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Adaptation and optimality of biological structures.
The amazing rationality of biological ``constructions'' calls
for the use of structural optimization methods.
Consider, for example, a bone: It is a mechanical structure made of
composites with variable parameters that adapts itself to its working conditions.
It performs a clearly described mechanical task of supporting the organism.
These features are similar to such man-made composite structures as masts,
bridges, towers, and domes. Therefore, it would be natural to apply optimization
methods developed for engineering constructions to bone structures, as
it has been done in the papers by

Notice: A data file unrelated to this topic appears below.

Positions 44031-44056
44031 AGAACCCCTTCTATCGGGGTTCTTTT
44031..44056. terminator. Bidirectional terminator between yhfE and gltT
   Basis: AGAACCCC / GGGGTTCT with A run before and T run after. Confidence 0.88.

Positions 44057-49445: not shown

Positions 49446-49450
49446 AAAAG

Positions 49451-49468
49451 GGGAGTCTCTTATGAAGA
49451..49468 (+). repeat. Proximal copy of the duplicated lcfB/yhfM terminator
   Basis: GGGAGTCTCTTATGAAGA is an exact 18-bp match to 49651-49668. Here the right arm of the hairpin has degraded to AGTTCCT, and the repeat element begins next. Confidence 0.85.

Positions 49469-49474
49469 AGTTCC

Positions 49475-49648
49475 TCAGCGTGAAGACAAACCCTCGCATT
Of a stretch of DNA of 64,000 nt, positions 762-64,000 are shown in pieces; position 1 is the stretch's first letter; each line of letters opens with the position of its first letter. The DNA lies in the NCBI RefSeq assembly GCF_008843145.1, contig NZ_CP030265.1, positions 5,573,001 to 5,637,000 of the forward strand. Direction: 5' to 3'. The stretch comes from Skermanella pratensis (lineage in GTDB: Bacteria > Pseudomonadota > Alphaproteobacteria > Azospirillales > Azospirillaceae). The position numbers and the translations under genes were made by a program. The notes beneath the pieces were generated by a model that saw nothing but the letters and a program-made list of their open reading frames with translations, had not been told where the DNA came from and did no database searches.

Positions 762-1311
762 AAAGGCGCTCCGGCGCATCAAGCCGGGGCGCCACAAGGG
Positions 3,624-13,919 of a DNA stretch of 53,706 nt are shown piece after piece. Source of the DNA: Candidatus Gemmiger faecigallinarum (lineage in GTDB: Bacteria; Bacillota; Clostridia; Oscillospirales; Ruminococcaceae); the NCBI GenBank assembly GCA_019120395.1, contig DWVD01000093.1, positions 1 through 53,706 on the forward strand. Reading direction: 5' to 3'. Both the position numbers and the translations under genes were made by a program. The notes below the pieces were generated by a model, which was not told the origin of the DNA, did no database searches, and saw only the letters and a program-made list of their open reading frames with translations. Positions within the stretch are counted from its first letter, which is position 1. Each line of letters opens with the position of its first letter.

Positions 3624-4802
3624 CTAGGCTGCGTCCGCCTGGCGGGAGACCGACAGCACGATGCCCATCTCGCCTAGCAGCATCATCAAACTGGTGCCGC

However, the two problems are not the same.
Firstly, the natural "optimized designs" satisfy certain restrictions
arew not too easy to formalize:
Secondly, it is not clear what quantity is minimized
natural evolutionary biomaterials (we mean the explicit optimality criterion
of a natural structure, not a general reference to the evolution that perfects
Nature does not necessarily looks for a global minimum, but may settle
for a local minimum.
A biological structure results from stable evolutionary dynamics.
A biological structure possess certain randomness
Structure must be extremely roboust.
In engineering problems, the goal is the minimization of a given functional
that is not the subject of a search or even a discussion. The problem is
to find the structure that minimizes a functional prescribed by a designer.
Contraty to this, the structure of a bone is known, but it is not clear
in what sense (if any) the bone structure is optimal.
Investigation of optimality of evolutionary objects leads to the search
for a cost functional of an optimization problem with a known solution.
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